When Winnie returns home after her 24 hours with the Tucks, she seeks comfort from her mother as well as from a child-size rocking chair she was given years ago. Winnie's desire to seek comfort from something like this rocking chair illustrates one element in the novel's broader exploration of what it means to grow up. Though Winnie can step outside her fence and experiment with adulthood, her reliance on the rocking chair suggests that she will also naturally step back inside and toward her family, looking for comfort and assurance from familiar and childish things. This tension indicates that Winnie is still in the beginning stages of her coming-of-age journey and will continue to move back and forth between the wider, scary adult world and the safe and comforting world of childhood. Still, that childhood world doesn't fit as comfortably as it did when Winnie was a small child, just as the rocker is no longer truly the right size for Winnie.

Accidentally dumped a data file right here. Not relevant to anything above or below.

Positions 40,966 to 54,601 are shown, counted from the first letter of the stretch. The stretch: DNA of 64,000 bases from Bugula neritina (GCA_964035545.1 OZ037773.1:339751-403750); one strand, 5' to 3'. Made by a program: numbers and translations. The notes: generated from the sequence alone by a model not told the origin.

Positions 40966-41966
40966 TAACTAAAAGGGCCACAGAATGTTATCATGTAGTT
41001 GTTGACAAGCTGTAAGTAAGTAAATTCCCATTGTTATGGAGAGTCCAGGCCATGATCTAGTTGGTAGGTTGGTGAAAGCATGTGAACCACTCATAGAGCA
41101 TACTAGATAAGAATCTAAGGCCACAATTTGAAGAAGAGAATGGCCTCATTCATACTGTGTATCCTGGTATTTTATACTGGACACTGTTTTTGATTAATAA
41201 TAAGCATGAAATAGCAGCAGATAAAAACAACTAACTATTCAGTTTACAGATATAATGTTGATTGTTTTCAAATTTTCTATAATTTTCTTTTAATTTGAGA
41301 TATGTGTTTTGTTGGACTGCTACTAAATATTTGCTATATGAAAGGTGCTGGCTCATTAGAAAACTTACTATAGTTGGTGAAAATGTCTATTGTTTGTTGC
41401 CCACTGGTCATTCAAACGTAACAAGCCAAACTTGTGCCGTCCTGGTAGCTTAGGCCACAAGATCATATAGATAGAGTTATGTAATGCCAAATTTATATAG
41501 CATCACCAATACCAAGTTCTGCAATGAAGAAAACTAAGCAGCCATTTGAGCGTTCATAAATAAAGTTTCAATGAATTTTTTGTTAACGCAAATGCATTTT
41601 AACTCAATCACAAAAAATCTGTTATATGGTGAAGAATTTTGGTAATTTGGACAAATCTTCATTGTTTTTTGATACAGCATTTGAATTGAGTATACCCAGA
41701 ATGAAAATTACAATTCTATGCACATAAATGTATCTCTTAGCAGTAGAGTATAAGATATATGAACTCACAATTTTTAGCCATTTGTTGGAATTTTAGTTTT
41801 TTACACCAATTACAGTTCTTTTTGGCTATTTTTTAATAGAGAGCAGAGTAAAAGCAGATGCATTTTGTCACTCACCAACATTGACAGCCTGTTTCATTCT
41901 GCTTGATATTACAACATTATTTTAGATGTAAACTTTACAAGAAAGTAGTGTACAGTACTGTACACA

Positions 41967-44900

Winnie's Rocking Chair Quotes in Tuck Everlasting
Winnie pulled her little rocking chair up to her bedroom window and sat down. The rocking chair had been given to her when she was very small, but she still squeezed into it sometimes, when no one was looking, because the rocking made her almost remember something pleasant, something soothing, that would never quite come up to the surface of her mind. And tonight she wanted to be soothed.
Was Mae weeping now for the man in the yellow suit? In spite of her wish to spare the world, did she wish he were alive again? There was no way of knowing. But Mae had done what she thought she had to do.